[0035] The copolymer may include blends, including reactor blends with α-olefins, particularly homopolymers. A typical reactor blend with linear polypropylene and particularly metallocene catalyzed polypropylene is representative.

[0036] The copolymer may further be described as “branched”. As used herein, the term “branched” means one or more α,ω-diene unit linkages, desirably at the α,ω) positions of the α,ω-diene unit, between two or more polymer chains formed by the polymerization of one or more o-olefins.

[0037] The copolymer may be blended with other polymers, particularly with other polyolefins, both in-reactor as well as externally. Specific examples of such polyolefins include, but are not limited to ethylene-propylene rubber, ethylene-propylene diene rubber, and ethylene plastomers. Specific examples of commercially available ethylene plastomers include EXACT™ resins, products of ExxonMobil Chemical Company and, AFFINITY™ resins and ENGAGE™ resins, products of Dow Chemical Company. Reactor blends with ethylene and/or propylene-based plastomers or elastomers are also within the scope of the invention.

[0038] These copolymers may be employed in a wide variety of applications, the articles of which include, for example, films, fibers, such as spunbonded and melt blown fibers, fabrics, such as nonwoven fabrics, and molded articles. More particularly, these articles include, for example, cast films, oriented films, injection molded articles, blow molded articles, foamed articles, foam laminates and thermoformed articles.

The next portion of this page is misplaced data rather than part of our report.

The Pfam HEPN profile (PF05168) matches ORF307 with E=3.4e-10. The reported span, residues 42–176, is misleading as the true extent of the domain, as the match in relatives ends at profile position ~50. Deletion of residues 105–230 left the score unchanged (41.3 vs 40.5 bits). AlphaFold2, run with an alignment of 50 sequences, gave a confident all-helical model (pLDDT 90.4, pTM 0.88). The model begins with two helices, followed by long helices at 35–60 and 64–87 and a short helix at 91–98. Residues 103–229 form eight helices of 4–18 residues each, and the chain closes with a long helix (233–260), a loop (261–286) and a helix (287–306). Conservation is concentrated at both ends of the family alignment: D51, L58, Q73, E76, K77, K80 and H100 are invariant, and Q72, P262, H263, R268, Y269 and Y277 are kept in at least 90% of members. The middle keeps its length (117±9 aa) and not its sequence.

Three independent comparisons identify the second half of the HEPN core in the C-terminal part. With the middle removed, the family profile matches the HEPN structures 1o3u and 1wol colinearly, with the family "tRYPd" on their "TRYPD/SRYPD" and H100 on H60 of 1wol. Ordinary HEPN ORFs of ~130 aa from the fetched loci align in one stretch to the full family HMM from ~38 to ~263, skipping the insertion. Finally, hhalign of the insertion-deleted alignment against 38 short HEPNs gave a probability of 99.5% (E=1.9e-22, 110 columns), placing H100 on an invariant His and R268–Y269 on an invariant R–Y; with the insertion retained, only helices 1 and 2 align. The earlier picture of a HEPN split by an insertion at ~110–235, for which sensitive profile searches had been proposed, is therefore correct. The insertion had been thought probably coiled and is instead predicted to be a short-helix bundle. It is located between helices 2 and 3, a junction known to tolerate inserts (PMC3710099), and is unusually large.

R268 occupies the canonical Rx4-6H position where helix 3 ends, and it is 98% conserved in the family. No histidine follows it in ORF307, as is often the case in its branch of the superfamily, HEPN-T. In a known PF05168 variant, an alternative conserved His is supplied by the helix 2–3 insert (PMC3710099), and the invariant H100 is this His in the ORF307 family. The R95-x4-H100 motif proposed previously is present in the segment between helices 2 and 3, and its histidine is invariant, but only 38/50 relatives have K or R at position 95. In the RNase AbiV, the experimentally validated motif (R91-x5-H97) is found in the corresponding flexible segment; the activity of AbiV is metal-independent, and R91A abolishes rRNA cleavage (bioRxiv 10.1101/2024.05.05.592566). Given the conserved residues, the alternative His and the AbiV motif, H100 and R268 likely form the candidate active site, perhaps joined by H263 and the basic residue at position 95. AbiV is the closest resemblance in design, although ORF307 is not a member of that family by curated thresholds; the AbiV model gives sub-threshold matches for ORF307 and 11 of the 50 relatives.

[0039] Olefins

[0040] Olefins (polymerizable reactants) suitable for use include ethylene, C2-C20 α-olefins or diolefins (with one of the olefinic functionalities being internal). Examples of α-olefins include, for example, propylene, butene-1, pentene-1, hexene-1, heptene-1, 4-methyl-1-pentene, 4-methyl-1-hexene, 5-methyl-1-hexene, 1-octene, 1-decene, 1-undecene, 1-dodecene and the like. In addition, mixtures of these and other α-olefins may also be used, such as, for example, propylene and ethylene as well as monomer combinations from which elastomers are formed. Ethylene, propylene, styrene and butene-1 from which crystallizable polyolefins may be formed are particularly desirable.

[0041] Dienes